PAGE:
WILLOUGHBY v. BALL

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WILLOUGHBY v. BALL
1907 OK 62
90 P. 1017
18 Okla. 535
Decided: 06/13/1907
Supreme Court of Oklahoma

J. A. WILLOUGHBY, Receiver of the Capitol National Bank of Guthrie, Oklahoma,
v.
J. E. BALL.

Syllabus

¶0 1. PROMISSORY NOTE--Suretyship--Defence. Where one executes a promissory note for accommodation of another, and the payee advanced money thereon to such third party, the maker, when sued, cannot defeat recovery on the ground that there was no consideration for its execution.
2. SAME--Same--Evidence. While parol evidence will be received to explain that a promissory note was executed by the maker for the accommodation of another, or to be held as collateral security it can't be received to defeat recovery thereon where the payee on the strength of the execution and delivery of such note, and at the request of the maker, extended credit to a third party.
3. SAME--Same--Equity--Set off. Where the president of a bank desiring to increase the cash reserve thereof, without showing an increase in the liabilities, borrows money from another bank in his individual name, executing his own promissory note therefor, leaving the money so borrowed with the bank to which the note was given to the credit of his own bank, and the bank from which the money was borrowed fails before the maturity of the note and when the other bank had on deposit with such failing bank more than enough money to pay the note, the maker of the note cannot maintain an action in equity to compel the receiver of the failing bank to off-set the deposit of the other bank against the note, and to secure a cancellation thereof, upon the theory that the debt for which the note was executed was the debt of the bank he represented, without alleging in his bill that the bank for whose benefit the note was executed was insolvent, as otherwise, he could pay the note and recover the amount back in an action at law, for equity will not afford relief where a party has an adequate remedy at law, either affirmative or defensive.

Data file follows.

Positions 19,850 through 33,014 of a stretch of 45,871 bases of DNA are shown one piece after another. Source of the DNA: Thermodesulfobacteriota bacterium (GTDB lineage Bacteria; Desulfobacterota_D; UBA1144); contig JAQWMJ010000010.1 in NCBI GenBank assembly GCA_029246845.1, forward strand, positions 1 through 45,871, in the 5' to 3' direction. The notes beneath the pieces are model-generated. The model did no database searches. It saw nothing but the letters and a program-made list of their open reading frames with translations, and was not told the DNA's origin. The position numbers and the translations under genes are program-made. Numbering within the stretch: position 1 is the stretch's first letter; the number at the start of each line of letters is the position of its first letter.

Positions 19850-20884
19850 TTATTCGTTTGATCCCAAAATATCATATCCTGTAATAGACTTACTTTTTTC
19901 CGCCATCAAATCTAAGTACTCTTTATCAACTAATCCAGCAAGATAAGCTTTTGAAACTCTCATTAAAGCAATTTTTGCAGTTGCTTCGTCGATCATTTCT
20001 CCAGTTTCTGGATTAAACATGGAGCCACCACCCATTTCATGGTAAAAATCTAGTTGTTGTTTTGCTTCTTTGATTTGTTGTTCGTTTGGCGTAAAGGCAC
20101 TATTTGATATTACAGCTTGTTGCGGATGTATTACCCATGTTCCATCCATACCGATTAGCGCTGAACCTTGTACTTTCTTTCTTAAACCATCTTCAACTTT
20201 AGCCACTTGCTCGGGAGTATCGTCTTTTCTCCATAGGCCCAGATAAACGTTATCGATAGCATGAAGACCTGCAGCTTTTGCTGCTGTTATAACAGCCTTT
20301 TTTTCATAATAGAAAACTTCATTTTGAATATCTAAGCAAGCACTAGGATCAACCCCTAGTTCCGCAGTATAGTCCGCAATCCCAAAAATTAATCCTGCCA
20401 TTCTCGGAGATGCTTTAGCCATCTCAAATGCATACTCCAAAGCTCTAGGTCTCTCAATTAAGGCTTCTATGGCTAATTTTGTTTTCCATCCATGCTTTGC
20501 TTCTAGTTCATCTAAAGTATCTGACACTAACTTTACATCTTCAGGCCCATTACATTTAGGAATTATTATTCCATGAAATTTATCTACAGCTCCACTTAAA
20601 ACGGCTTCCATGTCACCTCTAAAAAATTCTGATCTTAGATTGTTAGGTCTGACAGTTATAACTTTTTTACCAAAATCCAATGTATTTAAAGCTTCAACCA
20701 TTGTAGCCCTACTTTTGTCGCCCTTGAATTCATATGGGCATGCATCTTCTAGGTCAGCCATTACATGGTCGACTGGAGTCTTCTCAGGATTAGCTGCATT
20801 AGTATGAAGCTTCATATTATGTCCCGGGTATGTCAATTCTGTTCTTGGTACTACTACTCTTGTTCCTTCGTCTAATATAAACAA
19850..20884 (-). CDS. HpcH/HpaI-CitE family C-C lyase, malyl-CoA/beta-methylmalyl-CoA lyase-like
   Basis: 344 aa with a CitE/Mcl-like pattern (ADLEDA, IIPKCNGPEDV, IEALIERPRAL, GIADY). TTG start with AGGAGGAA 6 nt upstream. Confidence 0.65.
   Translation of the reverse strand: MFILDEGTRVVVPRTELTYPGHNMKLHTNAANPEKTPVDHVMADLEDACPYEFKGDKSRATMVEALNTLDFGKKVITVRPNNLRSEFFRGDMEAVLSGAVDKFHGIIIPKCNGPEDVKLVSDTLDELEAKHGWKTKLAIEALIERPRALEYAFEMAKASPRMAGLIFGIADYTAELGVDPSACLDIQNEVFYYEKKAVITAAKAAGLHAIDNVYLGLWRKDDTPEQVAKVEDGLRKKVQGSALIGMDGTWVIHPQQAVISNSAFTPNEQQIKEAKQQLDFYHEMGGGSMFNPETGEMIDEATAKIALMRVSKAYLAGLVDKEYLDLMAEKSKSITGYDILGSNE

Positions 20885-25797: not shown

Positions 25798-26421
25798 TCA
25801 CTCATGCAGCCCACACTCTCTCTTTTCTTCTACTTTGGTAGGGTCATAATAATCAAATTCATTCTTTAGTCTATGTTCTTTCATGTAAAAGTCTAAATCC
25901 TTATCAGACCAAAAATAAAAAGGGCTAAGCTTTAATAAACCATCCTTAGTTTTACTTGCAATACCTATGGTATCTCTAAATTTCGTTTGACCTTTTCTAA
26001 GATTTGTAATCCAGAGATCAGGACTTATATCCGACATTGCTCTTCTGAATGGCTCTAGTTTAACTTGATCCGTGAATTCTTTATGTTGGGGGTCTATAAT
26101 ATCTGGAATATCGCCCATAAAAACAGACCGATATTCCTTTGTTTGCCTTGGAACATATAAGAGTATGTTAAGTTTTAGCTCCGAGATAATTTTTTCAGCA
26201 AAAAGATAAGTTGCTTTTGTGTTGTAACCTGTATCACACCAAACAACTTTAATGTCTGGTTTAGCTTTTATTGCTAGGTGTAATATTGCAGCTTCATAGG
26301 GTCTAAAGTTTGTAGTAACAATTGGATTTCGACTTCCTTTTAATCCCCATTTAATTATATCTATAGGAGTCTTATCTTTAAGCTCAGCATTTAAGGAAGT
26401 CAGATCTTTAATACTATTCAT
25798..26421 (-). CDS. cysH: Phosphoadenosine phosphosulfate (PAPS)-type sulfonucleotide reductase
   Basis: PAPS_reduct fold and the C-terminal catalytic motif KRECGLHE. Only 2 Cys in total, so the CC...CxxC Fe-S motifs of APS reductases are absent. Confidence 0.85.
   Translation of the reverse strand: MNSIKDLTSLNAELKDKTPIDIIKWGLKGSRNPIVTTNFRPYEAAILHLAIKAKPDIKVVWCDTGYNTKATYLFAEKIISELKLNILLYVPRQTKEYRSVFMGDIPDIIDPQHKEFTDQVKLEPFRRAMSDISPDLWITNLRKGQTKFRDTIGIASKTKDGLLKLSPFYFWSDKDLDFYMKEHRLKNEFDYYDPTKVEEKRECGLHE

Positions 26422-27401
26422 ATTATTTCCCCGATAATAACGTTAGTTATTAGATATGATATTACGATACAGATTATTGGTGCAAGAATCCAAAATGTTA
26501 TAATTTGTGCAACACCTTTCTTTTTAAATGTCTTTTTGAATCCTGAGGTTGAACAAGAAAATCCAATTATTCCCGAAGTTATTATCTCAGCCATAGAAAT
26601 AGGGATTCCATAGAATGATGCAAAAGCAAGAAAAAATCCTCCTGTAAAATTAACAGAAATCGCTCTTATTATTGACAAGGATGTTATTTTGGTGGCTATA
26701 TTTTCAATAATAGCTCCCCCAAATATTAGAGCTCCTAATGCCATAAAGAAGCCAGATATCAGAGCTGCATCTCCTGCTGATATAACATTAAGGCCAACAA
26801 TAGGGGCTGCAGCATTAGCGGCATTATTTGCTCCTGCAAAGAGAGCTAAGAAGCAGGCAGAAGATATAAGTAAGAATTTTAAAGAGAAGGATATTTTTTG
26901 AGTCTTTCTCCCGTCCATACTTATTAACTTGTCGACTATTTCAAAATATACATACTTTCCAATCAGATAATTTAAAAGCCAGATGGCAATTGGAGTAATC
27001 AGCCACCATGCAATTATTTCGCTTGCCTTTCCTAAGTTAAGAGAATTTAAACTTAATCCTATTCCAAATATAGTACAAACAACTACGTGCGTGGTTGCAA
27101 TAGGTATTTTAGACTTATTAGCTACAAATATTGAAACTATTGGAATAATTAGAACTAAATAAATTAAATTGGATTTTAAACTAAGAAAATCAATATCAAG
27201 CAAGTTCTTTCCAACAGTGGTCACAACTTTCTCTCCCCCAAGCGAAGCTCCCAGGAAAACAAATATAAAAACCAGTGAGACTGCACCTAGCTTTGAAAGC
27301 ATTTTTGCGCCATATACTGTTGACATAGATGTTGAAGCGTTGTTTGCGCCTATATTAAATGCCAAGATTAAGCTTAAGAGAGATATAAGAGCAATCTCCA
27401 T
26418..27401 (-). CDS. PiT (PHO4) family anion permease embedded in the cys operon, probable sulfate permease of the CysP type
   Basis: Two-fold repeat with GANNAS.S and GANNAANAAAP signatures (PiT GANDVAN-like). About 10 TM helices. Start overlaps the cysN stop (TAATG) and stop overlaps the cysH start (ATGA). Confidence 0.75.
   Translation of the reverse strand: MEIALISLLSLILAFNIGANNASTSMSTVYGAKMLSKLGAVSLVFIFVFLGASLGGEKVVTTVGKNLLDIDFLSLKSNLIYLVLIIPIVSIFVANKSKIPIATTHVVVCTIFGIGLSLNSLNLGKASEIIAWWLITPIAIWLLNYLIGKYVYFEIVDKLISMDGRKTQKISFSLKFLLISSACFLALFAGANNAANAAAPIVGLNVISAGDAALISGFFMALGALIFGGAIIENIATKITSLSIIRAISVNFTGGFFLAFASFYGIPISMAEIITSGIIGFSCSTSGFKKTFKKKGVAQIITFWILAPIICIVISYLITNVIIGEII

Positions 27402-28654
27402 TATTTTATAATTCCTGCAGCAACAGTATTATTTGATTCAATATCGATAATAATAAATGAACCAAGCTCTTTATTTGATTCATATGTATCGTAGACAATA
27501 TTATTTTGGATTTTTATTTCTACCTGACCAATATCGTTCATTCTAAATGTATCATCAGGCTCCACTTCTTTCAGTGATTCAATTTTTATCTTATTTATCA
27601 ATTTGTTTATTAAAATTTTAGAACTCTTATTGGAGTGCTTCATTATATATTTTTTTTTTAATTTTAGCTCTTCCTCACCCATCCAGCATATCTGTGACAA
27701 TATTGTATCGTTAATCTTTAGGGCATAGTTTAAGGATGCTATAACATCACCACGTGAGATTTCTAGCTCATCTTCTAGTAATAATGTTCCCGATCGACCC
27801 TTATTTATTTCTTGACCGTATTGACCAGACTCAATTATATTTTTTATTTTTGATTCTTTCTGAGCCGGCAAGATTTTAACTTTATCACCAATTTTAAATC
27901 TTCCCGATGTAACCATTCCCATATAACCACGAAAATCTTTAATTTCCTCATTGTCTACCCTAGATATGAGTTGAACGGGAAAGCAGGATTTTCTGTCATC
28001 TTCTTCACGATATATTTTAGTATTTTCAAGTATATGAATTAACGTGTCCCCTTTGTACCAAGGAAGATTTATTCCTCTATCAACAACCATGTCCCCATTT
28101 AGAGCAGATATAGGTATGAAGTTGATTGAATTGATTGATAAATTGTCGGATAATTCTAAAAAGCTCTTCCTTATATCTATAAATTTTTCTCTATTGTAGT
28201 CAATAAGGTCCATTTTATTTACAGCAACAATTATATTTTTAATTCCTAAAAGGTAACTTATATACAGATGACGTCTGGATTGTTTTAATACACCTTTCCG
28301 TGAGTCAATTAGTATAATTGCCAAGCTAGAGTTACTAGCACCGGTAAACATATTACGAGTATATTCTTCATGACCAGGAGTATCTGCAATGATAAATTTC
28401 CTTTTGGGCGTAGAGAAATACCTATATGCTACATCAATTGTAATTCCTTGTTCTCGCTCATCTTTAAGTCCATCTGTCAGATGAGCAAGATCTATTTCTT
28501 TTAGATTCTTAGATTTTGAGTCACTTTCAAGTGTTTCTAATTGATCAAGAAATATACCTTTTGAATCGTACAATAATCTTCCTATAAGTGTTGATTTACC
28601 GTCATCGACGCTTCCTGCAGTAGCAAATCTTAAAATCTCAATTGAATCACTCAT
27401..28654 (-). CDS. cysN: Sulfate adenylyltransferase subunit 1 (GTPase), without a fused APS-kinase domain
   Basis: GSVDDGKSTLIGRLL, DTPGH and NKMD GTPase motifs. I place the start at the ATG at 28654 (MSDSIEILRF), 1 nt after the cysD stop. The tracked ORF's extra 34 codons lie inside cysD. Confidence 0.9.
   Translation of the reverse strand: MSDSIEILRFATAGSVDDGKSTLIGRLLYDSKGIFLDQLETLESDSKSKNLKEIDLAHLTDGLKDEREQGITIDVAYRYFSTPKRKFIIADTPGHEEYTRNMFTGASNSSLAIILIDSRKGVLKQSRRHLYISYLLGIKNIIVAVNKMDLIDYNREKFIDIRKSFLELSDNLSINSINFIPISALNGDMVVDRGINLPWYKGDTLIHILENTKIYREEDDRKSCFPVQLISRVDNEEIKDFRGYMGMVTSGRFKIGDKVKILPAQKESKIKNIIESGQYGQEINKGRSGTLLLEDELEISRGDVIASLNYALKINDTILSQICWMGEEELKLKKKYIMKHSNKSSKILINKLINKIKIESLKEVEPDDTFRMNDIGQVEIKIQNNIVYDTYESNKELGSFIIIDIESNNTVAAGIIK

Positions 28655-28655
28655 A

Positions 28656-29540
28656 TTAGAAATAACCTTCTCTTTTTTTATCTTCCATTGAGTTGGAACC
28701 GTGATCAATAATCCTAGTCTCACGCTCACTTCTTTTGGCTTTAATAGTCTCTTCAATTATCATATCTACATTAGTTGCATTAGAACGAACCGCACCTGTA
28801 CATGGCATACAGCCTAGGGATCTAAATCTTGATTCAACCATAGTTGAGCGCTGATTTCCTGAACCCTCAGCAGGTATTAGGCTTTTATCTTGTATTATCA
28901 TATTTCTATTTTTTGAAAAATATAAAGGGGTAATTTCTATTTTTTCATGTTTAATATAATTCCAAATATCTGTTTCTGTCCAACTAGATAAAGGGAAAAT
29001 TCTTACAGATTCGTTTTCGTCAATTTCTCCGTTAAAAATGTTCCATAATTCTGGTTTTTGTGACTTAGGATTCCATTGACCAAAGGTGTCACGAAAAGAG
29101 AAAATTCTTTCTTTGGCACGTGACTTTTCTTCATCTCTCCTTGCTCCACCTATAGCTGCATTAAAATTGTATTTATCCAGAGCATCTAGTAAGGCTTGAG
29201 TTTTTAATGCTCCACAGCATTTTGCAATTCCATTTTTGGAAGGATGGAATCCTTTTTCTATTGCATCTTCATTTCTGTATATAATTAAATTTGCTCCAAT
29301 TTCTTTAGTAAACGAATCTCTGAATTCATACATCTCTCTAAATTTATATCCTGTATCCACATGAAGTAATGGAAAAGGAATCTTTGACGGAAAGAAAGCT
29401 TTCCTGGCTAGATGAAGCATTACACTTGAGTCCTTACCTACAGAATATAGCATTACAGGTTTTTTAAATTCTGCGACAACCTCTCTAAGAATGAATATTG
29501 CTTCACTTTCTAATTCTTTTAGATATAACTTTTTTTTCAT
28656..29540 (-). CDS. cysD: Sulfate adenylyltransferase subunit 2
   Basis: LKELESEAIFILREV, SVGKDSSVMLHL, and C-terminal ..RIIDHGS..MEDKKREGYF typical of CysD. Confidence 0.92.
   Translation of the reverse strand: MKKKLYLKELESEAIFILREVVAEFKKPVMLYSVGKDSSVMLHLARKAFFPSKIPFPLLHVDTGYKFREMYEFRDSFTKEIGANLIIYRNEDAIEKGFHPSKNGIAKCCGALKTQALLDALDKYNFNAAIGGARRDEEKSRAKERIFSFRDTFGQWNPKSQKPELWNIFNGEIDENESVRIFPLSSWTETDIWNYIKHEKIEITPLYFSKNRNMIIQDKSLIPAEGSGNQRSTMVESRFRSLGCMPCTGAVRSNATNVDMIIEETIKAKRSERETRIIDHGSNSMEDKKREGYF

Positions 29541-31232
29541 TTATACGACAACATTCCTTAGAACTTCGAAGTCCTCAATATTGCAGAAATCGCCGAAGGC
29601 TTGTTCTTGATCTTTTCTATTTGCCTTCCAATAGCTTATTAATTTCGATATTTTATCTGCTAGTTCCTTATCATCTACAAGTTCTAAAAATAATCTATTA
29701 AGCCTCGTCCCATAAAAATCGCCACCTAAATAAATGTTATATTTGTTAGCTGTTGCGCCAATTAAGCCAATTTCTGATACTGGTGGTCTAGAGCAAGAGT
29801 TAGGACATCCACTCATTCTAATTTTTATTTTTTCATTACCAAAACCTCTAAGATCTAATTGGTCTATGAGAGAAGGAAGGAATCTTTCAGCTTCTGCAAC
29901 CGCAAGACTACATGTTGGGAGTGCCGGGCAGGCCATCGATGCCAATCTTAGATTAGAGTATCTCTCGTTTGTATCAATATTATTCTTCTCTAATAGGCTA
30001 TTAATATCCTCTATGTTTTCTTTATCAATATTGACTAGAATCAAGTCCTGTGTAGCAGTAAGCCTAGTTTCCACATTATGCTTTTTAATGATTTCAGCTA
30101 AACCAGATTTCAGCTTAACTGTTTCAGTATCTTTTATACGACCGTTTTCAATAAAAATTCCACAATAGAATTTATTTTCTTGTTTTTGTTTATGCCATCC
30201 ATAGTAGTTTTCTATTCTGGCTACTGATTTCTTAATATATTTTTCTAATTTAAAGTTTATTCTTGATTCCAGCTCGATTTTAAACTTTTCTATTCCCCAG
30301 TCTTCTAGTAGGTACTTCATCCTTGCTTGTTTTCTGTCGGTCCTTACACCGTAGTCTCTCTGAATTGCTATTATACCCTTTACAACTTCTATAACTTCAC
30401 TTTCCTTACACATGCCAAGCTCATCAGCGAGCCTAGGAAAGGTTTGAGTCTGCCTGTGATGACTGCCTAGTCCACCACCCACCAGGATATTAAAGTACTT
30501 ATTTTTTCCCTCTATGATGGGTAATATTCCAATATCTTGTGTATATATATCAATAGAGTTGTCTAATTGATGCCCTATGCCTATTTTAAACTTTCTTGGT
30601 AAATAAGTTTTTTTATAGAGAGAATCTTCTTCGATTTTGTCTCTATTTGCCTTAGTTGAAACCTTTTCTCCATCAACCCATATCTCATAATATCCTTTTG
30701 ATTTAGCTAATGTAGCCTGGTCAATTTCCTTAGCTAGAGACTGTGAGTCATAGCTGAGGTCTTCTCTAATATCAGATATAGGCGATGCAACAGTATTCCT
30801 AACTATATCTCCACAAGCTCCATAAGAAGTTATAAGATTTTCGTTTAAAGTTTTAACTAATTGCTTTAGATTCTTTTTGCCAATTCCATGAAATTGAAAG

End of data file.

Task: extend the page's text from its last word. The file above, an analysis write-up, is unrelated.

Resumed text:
4. SAME--Same--Evidence. When one executes a note under the circumstances stated in the last paragraph of this syllabus and, at the time of such execution, the maker of the note explained to the officers of the bank making the loan that the bank for whose benefit the loan was made was to pay the same, and it was orally agreed between him and the officers of the bank making the loan that he should not be held responsible on the note, but that it should be treated as the debt of the other bank, such agreement or conversations, except that part agreeing not to hold the maker of the note, may be proven on the trial for the purpose of establishing that the maker of the note executed it as an accommodation or to be held as collateral security but not to defeat recovery from him thereon.
5. SAME--Principal and Surety--Set off. While a principal debtor may set off a debt due from the plaintiff to him in an action against him and his surety jointly, the surety cannot do so on his own motion, unless he shows the insolvency of his principal, and his inability to obtain relief either in an action brought by him, or as a defense to an action on the note; and, even then, the principal debtor should be made a party to the suit.
6. PLEADING AND PRACTICE--Petition--Objection to Introduction of Evidence. Where a petition fails to state a cause of action in favor of the plaintiff, the trial court should sustain an objection to the introduction of evidence thereunder.
7. SAME--Demurrer to Evidence--Sustained, When Where one is sued upon a promissory note, and, on the trial, fails to prove any defense a demurrer of his evidence should be sustained and judgment rendered in favor of the holder of the note.